[stdlib-sig] standardizing the deprecation policy (and how noisy they are)

Antoine Pitrou solipsis at pitrou.net
Tue Nov 10 00:00:43 CET 2009

> I don't quite follow that. If they hit deprecation warnings on a new
> release and warnings are silent by default, how does that force an
> emergency release?

Because nobody ran the code with warnings on (or they just ran the test
suite and it didn't test all code paths), so that when the Python
version removing the deprecated constructs goes out, the library or app
is suddenly broken.

> Right, while I have to put up with them. As a user I don't want that.
> If a Ruby app was spitting warnings out I would have to be searching
> Google on how to turn them off and that's annoying.

I don't know about Ruby but "ruby --help" or "man ruby" should be
sufficient, shouldn't it? Looking up command-line options in the bundled
documentation is pretty standard, and shouldn't pass as an annoyance.

> At the moment. I know Paul Moore has said he wished more apps were
> released this way as it is much easier to launch command-line apps
> that way on Windows.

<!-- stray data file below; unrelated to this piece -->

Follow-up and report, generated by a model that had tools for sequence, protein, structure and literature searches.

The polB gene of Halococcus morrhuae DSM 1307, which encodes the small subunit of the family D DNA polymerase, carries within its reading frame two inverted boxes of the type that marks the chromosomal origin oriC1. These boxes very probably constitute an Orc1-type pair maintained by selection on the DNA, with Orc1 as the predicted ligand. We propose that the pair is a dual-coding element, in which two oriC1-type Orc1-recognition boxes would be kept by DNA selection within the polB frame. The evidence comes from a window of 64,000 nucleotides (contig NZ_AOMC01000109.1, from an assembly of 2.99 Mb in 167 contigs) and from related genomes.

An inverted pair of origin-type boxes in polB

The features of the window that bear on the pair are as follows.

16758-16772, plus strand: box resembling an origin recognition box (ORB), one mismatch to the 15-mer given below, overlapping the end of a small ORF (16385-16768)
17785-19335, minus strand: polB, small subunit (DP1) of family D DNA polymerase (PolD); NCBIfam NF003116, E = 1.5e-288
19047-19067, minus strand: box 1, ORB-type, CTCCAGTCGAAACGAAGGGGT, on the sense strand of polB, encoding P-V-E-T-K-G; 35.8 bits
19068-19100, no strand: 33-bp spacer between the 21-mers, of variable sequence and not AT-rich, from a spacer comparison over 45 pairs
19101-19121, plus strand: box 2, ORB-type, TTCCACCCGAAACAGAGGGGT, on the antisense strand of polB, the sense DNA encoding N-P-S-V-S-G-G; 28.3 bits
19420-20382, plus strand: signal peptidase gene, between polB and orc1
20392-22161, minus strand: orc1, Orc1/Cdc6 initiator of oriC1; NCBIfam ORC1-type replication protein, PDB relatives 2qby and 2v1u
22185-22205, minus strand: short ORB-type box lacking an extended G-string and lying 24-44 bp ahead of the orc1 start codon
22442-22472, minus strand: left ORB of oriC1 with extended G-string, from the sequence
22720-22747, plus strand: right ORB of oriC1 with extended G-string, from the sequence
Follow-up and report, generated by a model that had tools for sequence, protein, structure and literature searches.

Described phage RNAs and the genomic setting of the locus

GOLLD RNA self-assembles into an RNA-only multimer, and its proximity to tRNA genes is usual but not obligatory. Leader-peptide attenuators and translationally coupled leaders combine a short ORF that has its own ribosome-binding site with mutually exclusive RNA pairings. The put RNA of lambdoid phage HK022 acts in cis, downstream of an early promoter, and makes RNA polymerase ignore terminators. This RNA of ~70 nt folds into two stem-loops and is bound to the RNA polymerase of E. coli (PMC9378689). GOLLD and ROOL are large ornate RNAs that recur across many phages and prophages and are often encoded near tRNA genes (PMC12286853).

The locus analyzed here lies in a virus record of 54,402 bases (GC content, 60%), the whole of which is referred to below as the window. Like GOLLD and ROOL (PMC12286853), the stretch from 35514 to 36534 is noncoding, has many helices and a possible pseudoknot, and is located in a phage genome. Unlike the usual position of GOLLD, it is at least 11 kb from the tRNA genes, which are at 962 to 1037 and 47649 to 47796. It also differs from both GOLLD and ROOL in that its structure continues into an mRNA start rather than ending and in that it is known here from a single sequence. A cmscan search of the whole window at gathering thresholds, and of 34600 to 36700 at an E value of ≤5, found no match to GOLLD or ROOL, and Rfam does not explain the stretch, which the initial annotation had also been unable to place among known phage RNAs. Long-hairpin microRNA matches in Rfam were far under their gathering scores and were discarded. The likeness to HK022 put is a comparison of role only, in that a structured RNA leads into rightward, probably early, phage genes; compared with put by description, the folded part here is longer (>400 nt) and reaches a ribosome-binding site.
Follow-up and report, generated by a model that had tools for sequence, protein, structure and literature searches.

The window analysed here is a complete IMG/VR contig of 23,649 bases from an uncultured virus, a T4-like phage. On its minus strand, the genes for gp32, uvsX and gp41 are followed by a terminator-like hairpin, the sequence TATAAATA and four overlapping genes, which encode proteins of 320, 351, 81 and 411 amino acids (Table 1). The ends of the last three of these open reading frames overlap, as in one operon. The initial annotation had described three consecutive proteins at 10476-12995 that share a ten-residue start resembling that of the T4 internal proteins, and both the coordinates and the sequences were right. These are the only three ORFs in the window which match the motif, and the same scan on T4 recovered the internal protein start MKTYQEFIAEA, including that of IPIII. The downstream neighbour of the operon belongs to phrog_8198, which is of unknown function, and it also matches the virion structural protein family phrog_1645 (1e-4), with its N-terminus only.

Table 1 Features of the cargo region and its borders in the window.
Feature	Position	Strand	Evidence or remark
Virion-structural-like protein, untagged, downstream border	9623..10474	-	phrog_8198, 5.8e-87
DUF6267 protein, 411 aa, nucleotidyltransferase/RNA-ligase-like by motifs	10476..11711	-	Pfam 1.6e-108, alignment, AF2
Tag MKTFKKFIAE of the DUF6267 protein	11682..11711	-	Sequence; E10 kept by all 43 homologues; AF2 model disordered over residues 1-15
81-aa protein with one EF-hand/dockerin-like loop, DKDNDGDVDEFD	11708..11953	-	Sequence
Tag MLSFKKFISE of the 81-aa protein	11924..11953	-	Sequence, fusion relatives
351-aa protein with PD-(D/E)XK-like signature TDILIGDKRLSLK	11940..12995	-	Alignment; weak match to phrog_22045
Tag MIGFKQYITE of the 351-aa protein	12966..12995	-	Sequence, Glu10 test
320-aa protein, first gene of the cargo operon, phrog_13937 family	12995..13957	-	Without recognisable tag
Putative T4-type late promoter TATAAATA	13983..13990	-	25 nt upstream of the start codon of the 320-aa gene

End users are even less likely to use the command-line under Windows
than they are under Linux... Such an option is obviously for power users
only, and it is quite reasonable to tell them to use "-Wwhatever" if
they want to switch off warnings.

Please remember that warnings are /not/ the common situation, they are
the exception. Your argument makes it sound like all applications will
print out warnings and annoy their command-line users, which is /not/

> But reporting a bug is not going to turn the warnings off. They still
> have to be savvy enough to know to switch them off.

It is still much better to let people report a bug than to hide the
problem until it becomes critical. That's how we help developers; not by
making them blind to the issues they may be facing ten months from now.

> I never claimed we had 100% coverage. But I would expect us all to be
> running off of trunk for some things with warnings turned on.

For me, I usually don't run any third-party app or library using trunk.
And if I do, I certainly accept the existence of deprecation warnings;
after all, it's better than having the app totally break because of
whatever issue ignored by the developers.

> > Actually, it doesn't make the situation significantly better for users,
> > or even for developers, it just satisfies our own little egoistical
> > comfort as power users who don't like the annoying sight of warnings in
> > a terminal.
> I obviously disagree.

Certainly, but that proposal still does not seem to be solving a serious
problem. How many people have asked for this to be changed? Do we have
regular reports about it on the bug tracker? Or perhaps people are
complaining about it on the mailing-lists or on other public fora? Is
Python renowned for making the command-line a painful experience?

I don't reckon so, but perhaps I've missed something. Bringing such
evidence would be helpful, and not only for my own edification :)

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